The world today is a decidedly better place than it was 70 years ago, even if it feels more threatening. For the first time ever, the number of people living in “extreme poverty” has fallen below 10 percent according to the World Bank. Terrorism figures in the West have fallen significantly compared to the 1970’s and 1980’s. Wars no longer engulf half the planet. Yet half the planet turns on their television and smartphones and feel that they’re just a short hop away from being on the front-lines themselves. The human mind has not evolved quickly enough to make sense of this overload of new information. The amount of technological change of the last 70 years requires thousands of years of evolution to properly equip the human mind to process all this information, to properly assess what’s an actual threat to them and what isn’t. The result is often paranoia and sometimes panic.
But it’s more than just technology. It’s globalization itself. Globalization has been a net positive for the world, even if it often doesn’t feel like it, especially for Europeans, who along with Americans have made up the bulk of the world’s “global middle class” for the last half-century. Those who have seen the most immediate returns from globalization are those that started at the bottom rung of the global economy, the hundreds of millions of Brazilians, Chinese and Indians (for example) lifted out of absolute poverty. It’s also disproportionately benefited the already-wealthy, which is a whole other problem.
For people who had nothing, now having something is an obvious sign of improvement. But for those in the middle, the improvements appear minimal. Milk and basic goods are cheaper, yes, but that matters little when you have no job to pay for these staples. This has little to do with the current migration crisis, but it has much to do with globalization, where a crash in the US economy in 2008 reverberated across the world and exposed the weak links of the EU economic system. These fault lines had always existed, but were papered over by a global economy that was roaring in the beginning part of the 21st century.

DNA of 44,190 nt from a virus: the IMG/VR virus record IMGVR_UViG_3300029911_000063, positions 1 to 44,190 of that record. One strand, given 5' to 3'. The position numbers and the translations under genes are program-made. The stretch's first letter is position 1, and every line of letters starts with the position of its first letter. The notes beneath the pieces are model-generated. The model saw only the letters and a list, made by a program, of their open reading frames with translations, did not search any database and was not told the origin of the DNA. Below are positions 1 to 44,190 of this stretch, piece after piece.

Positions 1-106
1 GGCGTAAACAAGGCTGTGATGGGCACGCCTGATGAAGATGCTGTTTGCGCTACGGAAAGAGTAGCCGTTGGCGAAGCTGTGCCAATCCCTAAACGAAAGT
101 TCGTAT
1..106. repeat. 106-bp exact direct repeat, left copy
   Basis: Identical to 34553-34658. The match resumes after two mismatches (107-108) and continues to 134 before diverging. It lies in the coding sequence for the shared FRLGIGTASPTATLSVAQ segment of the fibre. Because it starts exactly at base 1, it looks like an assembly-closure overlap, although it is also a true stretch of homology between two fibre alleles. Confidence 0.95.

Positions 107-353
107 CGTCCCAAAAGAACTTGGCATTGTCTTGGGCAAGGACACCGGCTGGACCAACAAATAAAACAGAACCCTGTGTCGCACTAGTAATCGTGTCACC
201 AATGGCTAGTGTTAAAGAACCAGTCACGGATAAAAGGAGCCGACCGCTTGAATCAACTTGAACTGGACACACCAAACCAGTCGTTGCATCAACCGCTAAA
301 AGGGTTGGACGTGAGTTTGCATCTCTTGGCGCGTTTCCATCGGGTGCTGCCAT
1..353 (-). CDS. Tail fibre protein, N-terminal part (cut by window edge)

Now Europe is forced to reckon with these realities, exacerbated by the migration crisis coming from the east and south. And because the problem is so deeply grounded in the politics of economics and labor, the sudden infusion of 2.7 million Syrian refugees currently being housed in Turkey is a frightening prospect; there will be fewer jobs and benefits to go around. But Europe was in serious trouble long before ISIS reared its ugly head. Even if ISIS were to disappear tomorrow and the refugees were to return home, the same underlying weaknesses of the European economy would persist.
adly, the migrant crisis is a diversion from Europe’s more serious problems, and ending it won’t solve them. This migrant crisis detracts from the legitimate criticism of the EU and its institutions, namely that a monetary union without a fiscal union is a recipe for disaster. There will always be an element of society that believes “others” are to blame; look at the rise of Donald Trump in the United States. America’s saving grace in this instance is a two-party system, and the threat his particular brand of populism poses will be defeated along with him in November. Parliamentary systems don’t have that luxury; these populist parties will continue to make waves in their national parliaments, and the continuous threat they pose to established political forces will make working with other European countries that much more difficult.
Resolving the migrant crisis can’t, by itself, address the deeper problems that gave rise to populism or resolve the dilemmas it creates. Plenty of Europeans have good reason to be skeptical of Europe’s unified future going forward, but rather than pointing fingers at the institutional inadequacies of the Union, many politicians point their finger at migrants. And while that may be a satisfying political pitch, it won’t cure what really ails Europe.